- Visual inspection – detecting defects and anomalies in manufactured products through image analysis. For example, checking for scratches or missing components.
- Optical character recognition (OCR) – reading text on objects, components and documentation during manufacturing.
- Barcode scanning – quickly identifying items and tracking inventory.
- Robot guidance – enabling machines and robots to navigate their environment using visual sensors.
- Alignment & measurement – precisely positioning and measuring parts to ensure proper assembly.
Machine vision systems utilize standardized cameras, lighting rigs, optics and sensors specifically calibrated for industrial environments. Dedicated machine vision software and tools are used to develop and deploy inspection solutions tailored to the manufacturing process requirements.
The output of a machine vision system is pass/fail or measurement data to immediately screen out defective parts or guide automated assembly based on the visual inspection. Machine vision provides the visual quality control needed for automated manufacturing processes to function efficiently.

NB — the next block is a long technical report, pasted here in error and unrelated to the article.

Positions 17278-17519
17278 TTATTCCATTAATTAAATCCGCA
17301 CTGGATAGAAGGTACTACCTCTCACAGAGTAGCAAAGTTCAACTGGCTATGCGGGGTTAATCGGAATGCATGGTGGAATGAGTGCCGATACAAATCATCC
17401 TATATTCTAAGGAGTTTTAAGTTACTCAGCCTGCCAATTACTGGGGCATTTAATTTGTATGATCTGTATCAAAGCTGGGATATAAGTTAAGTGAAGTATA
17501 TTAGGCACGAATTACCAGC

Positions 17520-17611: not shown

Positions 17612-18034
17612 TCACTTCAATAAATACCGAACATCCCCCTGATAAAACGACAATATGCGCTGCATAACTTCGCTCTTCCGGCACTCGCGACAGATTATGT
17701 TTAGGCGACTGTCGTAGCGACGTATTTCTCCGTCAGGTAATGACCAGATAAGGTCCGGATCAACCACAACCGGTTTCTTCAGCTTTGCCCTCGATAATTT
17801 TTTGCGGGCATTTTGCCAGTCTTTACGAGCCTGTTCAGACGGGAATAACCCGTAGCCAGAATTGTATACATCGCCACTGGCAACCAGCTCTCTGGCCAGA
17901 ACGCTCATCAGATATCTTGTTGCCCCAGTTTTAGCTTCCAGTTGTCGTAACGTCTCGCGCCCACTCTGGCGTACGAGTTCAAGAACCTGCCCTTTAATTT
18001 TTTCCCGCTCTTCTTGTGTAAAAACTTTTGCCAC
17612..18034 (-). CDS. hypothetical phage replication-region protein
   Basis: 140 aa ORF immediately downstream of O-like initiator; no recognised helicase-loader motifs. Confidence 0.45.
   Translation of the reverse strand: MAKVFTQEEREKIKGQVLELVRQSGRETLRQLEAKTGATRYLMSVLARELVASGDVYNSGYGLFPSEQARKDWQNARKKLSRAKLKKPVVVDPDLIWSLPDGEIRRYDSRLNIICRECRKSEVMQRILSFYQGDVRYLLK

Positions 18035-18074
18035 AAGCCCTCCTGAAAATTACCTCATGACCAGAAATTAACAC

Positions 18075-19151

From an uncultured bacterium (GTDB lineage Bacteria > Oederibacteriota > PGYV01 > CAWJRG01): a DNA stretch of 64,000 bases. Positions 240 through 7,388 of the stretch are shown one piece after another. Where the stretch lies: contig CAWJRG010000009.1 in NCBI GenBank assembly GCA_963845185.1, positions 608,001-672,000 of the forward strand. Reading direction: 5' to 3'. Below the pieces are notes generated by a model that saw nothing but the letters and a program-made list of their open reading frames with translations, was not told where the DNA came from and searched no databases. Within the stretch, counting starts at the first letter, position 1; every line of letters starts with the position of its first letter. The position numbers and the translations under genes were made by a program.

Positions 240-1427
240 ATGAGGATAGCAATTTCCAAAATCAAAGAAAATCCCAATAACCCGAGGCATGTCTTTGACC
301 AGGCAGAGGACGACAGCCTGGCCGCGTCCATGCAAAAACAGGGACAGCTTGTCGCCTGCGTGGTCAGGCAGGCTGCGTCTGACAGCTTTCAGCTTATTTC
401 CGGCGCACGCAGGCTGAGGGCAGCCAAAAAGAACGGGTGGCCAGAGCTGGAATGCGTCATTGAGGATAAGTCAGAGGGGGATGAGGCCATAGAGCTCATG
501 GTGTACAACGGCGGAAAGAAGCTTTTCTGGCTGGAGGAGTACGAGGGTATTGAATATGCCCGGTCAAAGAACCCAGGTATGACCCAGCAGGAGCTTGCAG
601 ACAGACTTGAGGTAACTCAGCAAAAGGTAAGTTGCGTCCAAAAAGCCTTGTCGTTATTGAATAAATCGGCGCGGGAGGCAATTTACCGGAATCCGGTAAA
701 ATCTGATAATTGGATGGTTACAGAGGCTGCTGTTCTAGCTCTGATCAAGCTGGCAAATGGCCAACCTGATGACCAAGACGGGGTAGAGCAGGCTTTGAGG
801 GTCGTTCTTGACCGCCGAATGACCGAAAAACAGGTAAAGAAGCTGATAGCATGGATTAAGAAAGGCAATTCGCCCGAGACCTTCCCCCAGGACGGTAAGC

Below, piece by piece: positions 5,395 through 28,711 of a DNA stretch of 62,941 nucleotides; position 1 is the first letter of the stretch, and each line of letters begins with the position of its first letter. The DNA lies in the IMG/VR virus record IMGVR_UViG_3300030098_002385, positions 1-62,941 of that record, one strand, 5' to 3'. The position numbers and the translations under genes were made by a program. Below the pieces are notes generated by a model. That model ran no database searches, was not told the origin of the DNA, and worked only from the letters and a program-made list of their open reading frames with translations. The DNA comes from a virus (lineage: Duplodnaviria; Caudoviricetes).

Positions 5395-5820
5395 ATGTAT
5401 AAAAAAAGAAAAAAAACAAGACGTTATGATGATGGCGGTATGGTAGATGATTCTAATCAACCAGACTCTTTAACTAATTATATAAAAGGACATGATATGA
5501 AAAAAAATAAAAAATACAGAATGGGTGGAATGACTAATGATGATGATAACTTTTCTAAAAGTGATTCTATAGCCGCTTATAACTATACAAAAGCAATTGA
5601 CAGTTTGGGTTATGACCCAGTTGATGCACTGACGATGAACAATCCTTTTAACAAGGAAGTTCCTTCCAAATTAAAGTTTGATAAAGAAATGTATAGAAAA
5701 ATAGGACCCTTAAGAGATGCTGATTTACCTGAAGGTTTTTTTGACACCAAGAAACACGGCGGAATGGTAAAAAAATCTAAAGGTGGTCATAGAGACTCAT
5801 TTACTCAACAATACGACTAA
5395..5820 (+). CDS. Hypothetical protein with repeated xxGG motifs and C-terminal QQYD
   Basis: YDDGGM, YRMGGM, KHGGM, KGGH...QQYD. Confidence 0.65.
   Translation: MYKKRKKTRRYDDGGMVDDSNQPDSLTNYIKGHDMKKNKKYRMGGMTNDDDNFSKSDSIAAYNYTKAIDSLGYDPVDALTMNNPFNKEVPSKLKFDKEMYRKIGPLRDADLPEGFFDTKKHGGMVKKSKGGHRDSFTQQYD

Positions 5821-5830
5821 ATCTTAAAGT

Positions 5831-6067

Computer Vision VS Machine Vision
This table shows head-to-head comparison.
|Parameter||Computer Vision||Machine Vision|
|Purpose||Automate wide range of human visual capabilities||Automated industrial inspection for manufacturing|
|Applications||Consumer products, medical imaging, autonomous vehicles, drones, AR/VR||Automated manufacturing, product inspection, barcode reading, robot guidance|
|Environments||Varying, uncontrolled real-world environments||Controlled manufacturing environments optimized for inspection|
|Imaging Conditions||Uncontrolled lighting, angles, environments||Consistent lighting, positioning and camera setups|
|Speed||Prioritizes accuracy in decision making||Emphasizes speed for manufacturing throughput|
|Integration||Provides analysis and recommendations as output||Integrated into manufacturing automation equipment|
|Customization||Requires large datasets and training||Customized solutions for each use case|
|Advantages||Flexible, can automate complex visual tasks||Fast, reliable, cost-effective for manufacturing|